Battle of Berlin

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Battle of Berlin
Part of the Eastern Front of World War II
1945-05-01GerWW2BattlefrontAtlas.jpg
Front lines 1 May 1945.
Date 16 April – 8 May 1945
Location Berlin, Germany
Result Decisive Allied victory
Participants
 Soviet Union
 Poland
 Nazi Germany
Commanders and leaders
Soviet Union Georgy Zhukov Nazi Germany Adolf Hitler

Nazi Germany Alfred Jodl

Nazi Germany Gotthard Heinrici

Nazi Germany Helmuth Reymann

Nazi Germany Helmuth Weidling

Strength
2,500,000 soldiers, 6,250 armoured vehicles, 7,500 airplanes, 41,600 artillery guns. 850,000 soldiers, 1,500 armoured vehicles, 3,500 airplanes, 9,300 artillery guns.
Casualties and losses
81,116 killed, 280,281 injured. 458,080 killed, 479,298 captured.

The Battle of Berlin was one of the last big battles of Second World War. The Battle took place in Berlin from 16 April to 3 May 1945. During the battle the Red Army, along with Polish forces, captured the city of Berlin, Germany. When they captured the Reichstag, Adolf Hitler committed suicide by shooting himself in the head.

Background[change | change source]

On 12 January 1945 the Soviet-Polish forces began attacking Berlin. In the end of that attack, their forces stood on the Oder River, 60 kilometres east of Berlin. In 1945 the Wehrmacht suffered from low quality of airplanes and tanks (lower quality from 1944).

Despite his advisors' opinion, Hitler decided to stay in the city. He heard about the death of Franklin D. Roosevelt on the radio and he hoped the city will be saved.

The Battle of Seelow Heights[change | change source]

The battle on the city began in the Seelow Heights. The Seelow Heights are 17 kilometers west of the Oder and 45 kilometres east of Berlin. They were well defended by the Wehrmacht. On 16 April, the Red Army and Polish Army attacked Seelow Heights. Almost 1,000,000 allies with 20,000 artillery pieces were fighting against 100,000 Germans with 1,200 tanks. Despite this, the German defenders managed to hold the allies for four days.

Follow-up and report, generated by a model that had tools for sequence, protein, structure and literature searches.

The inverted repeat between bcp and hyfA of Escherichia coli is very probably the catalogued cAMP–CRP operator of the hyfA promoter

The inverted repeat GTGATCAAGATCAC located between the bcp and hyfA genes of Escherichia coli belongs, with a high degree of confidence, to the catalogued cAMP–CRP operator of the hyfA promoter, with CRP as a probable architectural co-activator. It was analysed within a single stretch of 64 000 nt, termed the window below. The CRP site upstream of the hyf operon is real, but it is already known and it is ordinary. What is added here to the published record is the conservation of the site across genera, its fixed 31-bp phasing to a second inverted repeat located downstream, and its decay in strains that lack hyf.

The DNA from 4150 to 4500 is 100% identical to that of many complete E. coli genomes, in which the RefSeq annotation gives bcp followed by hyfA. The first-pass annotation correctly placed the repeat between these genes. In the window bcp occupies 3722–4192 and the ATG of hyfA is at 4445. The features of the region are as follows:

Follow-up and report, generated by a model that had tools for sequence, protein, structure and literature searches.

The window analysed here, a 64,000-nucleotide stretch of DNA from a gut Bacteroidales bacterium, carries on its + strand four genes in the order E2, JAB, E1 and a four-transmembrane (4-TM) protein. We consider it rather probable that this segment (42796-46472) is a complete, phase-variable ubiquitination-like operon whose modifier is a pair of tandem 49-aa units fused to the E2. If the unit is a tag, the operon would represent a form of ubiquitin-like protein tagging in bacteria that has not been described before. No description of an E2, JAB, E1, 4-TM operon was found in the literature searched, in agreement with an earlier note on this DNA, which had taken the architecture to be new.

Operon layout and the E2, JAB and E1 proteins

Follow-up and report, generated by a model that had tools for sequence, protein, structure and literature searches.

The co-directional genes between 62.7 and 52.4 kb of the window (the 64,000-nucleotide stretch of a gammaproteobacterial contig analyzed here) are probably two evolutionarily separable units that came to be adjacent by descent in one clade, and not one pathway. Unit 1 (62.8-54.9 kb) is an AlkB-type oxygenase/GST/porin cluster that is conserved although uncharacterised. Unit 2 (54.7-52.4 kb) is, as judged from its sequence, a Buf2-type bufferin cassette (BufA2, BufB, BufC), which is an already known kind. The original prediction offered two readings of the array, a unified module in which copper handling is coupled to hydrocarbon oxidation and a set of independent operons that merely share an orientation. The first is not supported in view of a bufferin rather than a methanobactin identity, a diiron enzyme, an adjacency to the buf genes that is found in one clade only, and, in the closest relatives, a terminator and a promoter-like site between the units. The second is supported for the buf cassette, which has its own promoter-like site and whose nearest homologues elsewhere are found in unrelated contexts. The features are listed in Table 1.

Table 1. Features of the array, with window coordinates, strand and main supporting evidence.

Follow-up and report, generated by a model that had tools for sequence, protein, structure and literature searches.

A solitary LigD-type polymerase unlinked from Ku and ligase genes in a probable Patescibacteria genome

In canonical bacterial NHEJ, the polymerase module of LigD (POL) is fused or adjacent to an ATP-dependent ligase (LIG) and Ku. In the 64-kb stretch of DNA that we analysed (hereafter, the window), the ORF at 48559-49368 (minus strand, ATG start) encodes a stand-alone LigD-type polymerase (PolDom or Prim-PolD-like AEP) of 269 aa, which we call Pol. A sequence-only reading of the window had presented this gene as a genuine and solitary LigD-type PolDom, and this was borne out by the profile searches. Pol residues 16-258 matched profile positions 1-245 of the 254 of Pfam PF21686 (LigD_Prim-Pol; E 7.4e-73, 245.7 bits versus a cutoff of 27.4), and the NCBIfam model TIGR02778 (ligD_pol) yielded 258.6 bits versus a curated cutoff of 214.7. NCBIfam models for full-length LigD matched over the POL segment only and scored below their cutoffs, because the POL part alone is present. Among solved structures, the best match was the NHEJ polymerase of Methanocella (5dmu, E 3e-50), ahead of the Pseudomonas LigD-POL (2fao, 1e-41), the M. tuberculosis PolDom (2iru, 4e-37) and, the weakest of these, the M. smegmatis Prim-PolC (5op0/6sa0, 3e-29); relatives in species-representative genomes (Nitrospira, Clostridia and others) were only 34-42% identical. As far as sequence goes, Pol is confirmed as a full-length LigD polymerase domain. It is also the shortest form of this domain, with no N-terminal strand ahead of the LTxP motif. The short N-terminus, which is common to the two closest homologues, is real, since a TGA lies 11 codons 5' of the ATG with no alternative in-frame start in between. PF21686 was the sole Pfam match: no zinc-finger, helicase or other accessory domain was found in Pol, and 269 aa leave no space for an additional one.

On 20 April, Hitler's birthday, the allies began to bombard the centre of the city with rockets and artillery. They did not stop until the city surrendered. On 22 April, Hitler, when he knew the Germans plans were interrupted, cried in anger. He knew the war was as good as lost. One of his generals, Alfred Jodl, thought it would be possible to form a linkup between the army in Berlin, and the soldiers commanded by Walther Wenck that were fighting the U.S. Army. Hitler agreed to this idea, but 10 German troops remained in the city.

Fall of Berlin[change | change source]

Hitler remained in the Führerbunker until his death. He knew that escape was nearly impossible. Other soldiers knew that too and wanted to get out. Since there was no hope of winning, Hitler gave orders to his generals and allowed a breakout plan on April 28th. However, this plan went bad, as only a small amount of the expected amount of soldiers managed to get through Soviet lines. Hitler authorized another one on April 29th to break out May 1st.

However, on April 30th the Red Army captured the Reichstag. They were just 500 yards from the Führerbunker. Hitler killed himself by shooting himself in the head with a pistol. Eva Braun, his mistress, killed herself by biting on a capsule of cyanide, a very toxic chemical. On May 1st, Helmuth Weidling ordered a break out. However, only one division, named the Nordland Division, made it through.

Finally, on May 2, 1945, Nazi Germany surrendered.